The recent initiative in expanding the museum’s fashion collection is evident through Shoes: Pleasure and Pain. With an exhibit design that contrasts from the typical retail environment, guests are able to take away a greater knowledge and understanding about shoes, and fashion in general, serve not only as art but as creative forms of personal expression. Hartigan summarizes the theme of the exhibit in stating, “Shoes are about the personal creativity of the designer and the person who wears that shoe. It’s a partnership between two people who likely never meet. You can make something wonderful, but if someone doesn’t respond to it, there is something incomplete about the act. Creation is about communication.”

Shoes: Pleasure and Pain is on view from November 19, 2016 – March 12, 2017, and is included in museum admission. For complete information on the opening day festival and the Dress for Success donation program, please visit PEM.org.

Photo Contest Picks for September and October

Retire Beckett House Salem MA

We have two Photo Contest “Pick of the Month” winners to share today!

Congratulations to Carrie Dichter  for winning our “Pick of the Month” for September!

Pickering Light by Carrie Dichter

Pickering Light by Carrie Dichter

Congratulations to Stephanie Williams for winning our “Pick of the Month” for October!

Retire Beckett House Salem MA

“Path to the Red Door” by Stephanie Williams

Do you have an excellent picture of Salem? Submit it to our Photo Contest, and you could win a great prize!

 

Downrig or Die!

Celebrate the “last dying gasp of the sailing season,” with Downrig or Die!, an annual program presented by the Salem Maritime National Historic Site in partnership with Schooner Fame and Essex Heritage.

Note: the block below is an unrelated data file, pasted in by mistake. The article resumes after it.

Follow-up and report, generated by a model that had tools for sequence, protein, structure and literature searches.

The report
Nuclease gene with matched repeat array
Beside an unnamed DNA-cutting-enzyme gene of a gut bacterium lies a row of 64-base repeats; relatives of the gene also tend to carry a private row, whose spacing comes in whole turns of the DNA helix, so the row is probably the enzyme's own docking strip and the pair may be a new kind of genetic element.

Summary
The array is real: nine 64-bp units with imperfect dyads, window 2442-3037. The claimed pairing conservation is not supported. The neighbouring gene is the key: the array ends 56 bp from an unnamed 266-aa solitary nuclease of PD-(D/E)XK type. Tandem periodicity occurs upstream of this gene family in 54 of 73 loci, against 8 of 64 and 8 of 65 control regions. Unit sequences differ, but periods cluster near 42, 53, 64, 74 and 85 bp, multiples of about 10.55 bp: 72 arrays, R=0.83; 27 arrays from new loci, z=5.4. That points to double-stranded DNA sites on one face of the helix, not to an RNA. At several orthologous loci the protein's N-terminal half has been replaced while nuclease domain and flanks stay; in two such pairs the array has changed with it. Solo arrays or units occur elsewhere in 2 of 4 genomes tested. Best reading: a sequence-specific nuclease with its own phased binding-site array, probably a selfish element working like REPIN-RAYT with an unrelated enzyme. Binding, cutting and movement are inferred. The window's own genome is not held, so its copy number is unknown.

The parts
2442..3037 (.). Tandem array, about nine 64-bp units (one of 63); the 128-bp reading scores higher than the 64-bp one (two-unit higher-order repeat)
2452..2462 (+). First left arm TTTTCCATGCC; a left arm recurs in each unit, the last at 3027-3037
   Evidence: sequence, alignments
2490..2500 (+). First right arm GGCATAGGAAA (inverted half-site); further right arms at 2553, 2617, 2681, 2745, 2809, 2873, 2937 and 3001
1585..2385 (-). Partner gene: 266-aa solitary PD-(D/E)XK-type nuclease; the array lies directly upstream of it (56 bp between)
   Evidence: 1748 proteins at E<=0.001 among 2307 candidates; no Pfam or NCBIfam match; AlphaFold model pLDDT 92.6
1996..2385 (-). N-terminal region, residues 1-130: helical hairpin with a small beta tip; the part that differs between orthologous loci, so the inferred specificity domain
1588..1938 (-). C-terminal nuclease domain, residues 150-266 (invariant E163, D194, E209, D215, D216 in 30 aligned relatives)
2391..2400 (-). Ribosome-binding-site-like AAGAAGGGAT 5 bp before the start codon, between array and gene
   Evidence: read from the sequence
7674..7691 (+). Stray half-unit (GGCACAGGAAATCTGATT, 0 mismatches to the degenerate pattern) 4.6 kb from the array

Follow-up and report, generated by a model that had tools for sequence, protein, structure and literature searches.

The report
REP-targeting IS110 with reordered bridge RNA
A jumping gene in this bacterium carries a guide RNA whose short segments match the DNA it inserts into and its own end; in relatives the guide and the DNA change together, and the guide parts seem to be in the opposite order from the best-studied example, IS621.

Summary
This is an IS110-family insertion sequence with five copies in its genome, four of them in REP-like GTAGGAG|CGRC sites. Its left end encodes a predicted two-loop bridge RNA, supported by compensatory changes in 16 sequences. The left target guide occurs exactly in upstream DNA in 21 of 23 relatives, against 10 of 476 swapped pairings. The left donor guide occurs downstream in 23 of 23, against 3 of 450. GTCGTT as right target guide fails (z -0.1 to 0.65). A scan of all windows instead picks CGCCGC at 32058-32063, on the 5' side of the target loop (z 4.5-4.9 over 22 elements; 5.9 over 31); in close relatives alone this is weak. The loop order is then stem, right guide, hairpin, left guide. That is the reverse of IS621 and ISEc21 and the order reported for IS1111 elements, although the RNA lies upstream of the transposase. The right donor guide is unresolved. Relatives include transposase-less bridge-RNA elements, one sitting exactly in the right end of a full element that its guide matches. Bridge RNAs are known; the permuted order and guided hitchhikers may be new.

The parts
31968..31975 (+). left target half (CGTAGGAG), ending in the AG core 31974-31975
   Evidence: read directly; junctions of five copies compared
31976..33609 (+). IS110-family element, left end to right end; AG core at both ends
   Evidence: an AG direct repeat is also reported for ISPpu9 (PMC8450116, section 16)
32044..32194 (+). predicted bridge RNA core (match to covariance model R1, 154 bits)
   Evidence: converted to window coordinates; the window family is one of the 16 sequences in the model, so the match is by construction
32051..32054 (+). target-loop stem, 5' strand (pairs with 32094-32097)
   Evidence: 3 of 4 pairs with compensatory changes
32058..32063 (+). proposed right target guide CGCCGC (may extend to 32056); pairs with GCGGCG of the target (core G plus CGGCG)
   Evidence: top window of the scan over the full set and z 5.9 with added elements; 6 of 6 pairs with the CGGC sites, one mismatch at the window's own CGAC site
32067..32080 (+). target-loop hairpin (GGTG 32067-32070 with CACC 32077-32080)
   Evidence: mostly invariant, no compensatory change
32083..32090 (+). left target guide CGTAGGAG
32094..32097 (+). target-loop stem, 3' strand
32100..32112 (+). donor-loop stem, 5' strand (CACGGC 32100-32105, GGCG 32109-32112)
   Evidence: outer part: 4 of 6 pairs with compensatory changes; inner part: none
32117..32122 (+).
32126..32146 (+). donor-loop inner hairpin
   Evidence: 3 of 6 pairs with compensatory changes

salemma_schooner-fameOn November 5, 2016, take to the water on a discounted sail aboard a traditional schooner. Both the Schooner Fame and the Schooner Ardelle are offering discounted public sails as part of the Downrig or Die! Each sail departs from Pickering Wharf or Central Wharf and lasts for 90 minutes. The Schooner Fame will be setting sail at 1:00 pm, and the Schooner Ardelle at 2:00 pm. Discounted rates for the sails are $15 for adults, and $10 for seniors, military, and children ages between the ages of 2 and 12. Visit Schooner Fame’s website to purchase tickets in advance, and say farewell to the season from an authentic replica schooner!

Following the sails, visit the Salem Maritime National Historic Site to learn about Salem’s maritime history and maritime archaeology. During Shipwrecks and Salem Maritime! Maritime Archaeologist, Calvin Mires, and Park Ranger, Tom Landers will share their knowledge of Salem’s maritime history along with marine archaeology through a family-friendly program. Shipwrecks and Salem Maritime! will be taking place from 1:00 pm to 4:00 pm on Derby Wharf.

Salem, MA, Salem Maritime National Historic SiteFrom 3:00 pm to 6:00 pm, visit St. Joseph’s Hall for a series of educational talks about the Salem Maritime National Historic Site. During these sessions, receive updates on the FriendShip from Captain Jeremy Bumagin and First Mate/Rigger John Newman of the National Park Service. Additionally, Annie Harris, Executive Director of Essex Heritage will present information on the Bakers Island Light Station. After the Shipwrecks and Salem Maritime! program, Calvin Hires will be on hand to conclude the speaker series with a discussion of maritime archaeology.

In the evening, visit Victoria Station for a sail away party of sorts featuring raffles, local rum, appetizers, live music and more! The party lasts from 6:00 pm to 9:00 pm, and is sure to be filled with good times and “schooner wisdom,” as the 2016 sailing season comes to a close.

Lighthouses in Salem, MA

With Haunted Happenings right around the corner, it might be difficult to think of Salem for anything besides our favorite Halloween celebration. Even with the summer months behind us, Salem can be a great place to see lighthouses, which have served the town since the 17th century in helping ships safely access the harbor. The weather might be cooling down, but there is still time to see some of these amazing sites: